Hit harder than most U.S. states by COVID-19, California has been comparatively slower to reopen. So slow, in fact, that Walt Disney Co. has lent its loud and powerful voice to increasing calls that the state allow Disneyland and Disney California Adventure Park to reopen.
But Disney has promised to reopen the park with many health guidelines in place to protect guest safety — upgrades the company put it place when its Florida parks reopened in July. Those include hand-washing stations, attendance by reservation only, face-covering requirements, temperature checks for all entering guests and expanded the use of mobile food ordering to prevent lines.
“We are offering technology solutions that make it easier for our guests to minimize contact and maintain physical distancing. Help us reopen. We need guidelines that are fair and equitable,” Josh D’Amaro, chairman of Disney parks, experiences and products, said in a video presentation to regulators, according to the Los Angeles Times.
Disneyland was initially set for a phased reopening starting in mid-July, a plan that was pushed back as California’s COVID-19 cases increased over the summer. Democratic Gov. Gavin Newsom’s office has stated that it’s working on guidelines for safe park reopenings, but doesn’t yet have any timeline.
But Disney argues the closures are crushing the livelihoods of roughly 80,000 workers in Anaheim, Calif., and surrounding areas that rely on Disneyland, a related shopping district and three hotels.
“The longer we wait, the more devastating the impact on Orange County and the Anaheim communities and the tens of thousands of people who rely on us for employment,” D’Amaro said.
And despite early concerns in Florida about Disney World’s reopening, the park’s efforts appear to have so far been a success. Florida’s caseload has dropped, and there have been no reports of major outbreaks detected or originating from Disney World. Park officials argue that’s evidence that they’re able to offer the Disney experience to guests in a way that’s safe.
“If anybody can figure it out, Disney will,” Dave Schmitt, founder of theme-park consultancy MR-ProFun, noted in an interview.
And though park attendance has been incredibly low over the summer, signs of improvement did make themselves felt during Labor Day weekend. More people seemed willing to pop into the Magic Kingdom or Epcot. Analysts believe customers will come as long as the park is open and selling waffles in the shape of Mickey Mouse.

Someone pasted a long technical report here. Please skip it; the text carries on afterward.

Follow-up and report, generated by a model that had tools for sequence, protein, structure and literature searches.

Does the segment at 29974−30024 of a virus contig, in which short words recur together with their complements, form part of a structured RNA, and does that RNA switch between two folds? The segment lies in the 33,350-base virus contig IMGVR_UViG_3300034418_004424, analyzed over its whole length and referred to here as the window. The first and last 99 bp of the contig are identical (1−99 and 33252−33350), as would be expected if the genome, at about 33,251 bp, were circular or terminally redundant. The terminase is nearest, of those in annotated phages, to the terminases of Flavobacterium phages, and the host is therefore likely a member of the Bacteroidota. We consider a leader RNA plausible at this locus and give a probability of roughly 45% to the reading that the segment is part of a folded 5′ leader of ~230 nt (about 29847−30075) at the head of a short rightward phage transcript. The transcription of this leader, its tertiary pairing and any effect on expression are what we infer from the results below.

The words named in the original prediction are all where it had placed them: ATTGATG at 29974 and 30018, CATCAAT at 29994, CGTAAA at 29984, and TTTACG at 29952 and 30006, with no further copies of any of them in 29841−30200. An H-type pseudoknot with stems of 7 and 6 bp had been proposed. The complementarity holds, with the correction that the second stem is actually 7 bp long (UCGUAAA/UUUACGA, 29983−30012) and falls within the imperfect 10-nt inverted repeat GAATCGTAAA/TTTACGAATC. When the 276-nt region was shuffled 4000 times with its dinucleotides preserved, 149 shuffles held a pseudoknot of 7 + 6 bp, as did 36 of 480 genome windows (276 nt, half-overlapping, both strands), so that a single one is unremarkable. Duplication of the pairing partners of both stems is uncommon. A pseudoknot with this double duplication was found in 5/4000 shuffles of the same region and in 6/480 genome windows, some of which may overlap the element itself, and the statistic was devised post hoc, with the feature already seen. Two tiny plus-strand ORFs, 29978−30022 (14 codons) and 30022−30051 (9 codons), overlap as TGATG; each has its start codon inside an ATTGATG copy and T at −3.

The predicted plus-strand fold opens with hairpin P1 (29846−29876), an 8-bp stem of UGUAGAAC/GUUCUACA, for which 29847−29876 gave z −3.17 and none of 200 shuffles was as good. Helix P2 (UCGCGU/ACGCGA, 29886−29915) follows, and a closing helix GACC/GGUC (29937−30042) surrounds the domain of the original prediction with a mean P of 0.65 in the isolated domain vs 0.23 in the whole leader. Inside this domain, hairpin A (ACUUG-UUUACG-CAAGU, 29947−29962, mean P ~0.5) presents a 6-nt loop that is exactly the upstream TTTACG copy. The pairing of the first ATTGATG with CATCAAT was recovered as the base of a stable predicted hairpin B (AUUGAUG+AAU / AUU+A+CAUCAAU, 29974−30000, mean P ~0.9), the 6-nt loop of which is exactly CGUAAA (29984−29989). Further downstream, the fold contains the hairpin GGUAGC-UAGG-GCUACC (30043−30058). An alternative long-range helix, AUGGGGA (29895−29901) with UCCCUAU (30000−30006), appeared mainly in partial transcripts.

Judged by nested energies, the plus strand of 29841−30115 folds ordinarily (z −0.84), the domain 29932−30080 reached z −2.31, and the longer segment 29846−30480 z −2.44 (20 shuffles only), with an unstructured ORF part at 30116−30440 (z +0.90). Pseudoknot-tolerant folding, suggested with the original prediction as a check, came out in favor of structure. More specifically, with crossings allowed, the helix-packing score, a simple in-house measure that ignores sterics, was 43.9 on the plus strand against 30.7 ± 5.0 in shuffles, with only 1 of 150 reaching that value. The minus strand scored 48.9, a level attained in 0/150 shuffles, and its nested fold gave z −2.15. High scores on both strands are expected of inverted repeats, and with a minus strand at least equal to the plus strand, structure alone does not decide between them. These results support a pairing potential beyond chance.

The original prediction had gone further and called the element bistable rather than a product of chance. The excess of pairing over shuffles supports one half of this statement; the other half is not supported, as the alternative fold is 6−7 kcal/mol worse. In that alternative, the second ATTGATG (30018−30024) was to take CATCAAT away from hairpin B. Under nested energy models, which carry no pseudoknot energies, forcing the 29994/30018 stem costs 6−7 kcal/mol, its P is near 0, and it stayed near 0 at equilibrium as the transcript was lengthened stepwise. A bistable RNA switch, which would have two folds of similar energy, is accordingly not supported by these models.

Disney World this week released its holiday-season hours, with the company’s Florida parks staying open later as fall wears on — reversing a cutback in hours announced a few weeks ago.
But the company’s California parks are different in some key regards. For example, the Times noted that Disney’s Florida parks have since 2013 used “Magic Band” technology — NFC enabled wristbands that have made contactless payments the norm for covering initial admission and purchases made within the parks.
By contrast, Disneyland doesn’t have the Magic Band system, although it has moved to add mobile contactless payment methods like Apple Pay and Google Pay, as well as accepting contactless card payments. Disney officials in California also say they’ve put a virtual queue system in places to further encourage mobile management of the theme park experience.
The other advantage Florida has is lots of physical space for social distancing. The Times noted that Disney’s California theme parks, resorts and shopping areas cover about 500 acres. On the other hand, Disney World’s resorts, four theme parks and shopping district take up about 25,000 acres. There’s just a lot more space to spread guests out.
Nonetheless, Disney feels it’s ready to reopen its California parks, and businesspeople in Anaheim told the Times they agree, as the lack of “The Happiest Place on Earth” has been a curse on local revenues for months.
But is Newsom’s office is inclined to agree with them? That mystery remains unsolved — and it looks like Disney may still have some waiting to do despite the preparations it’s already made.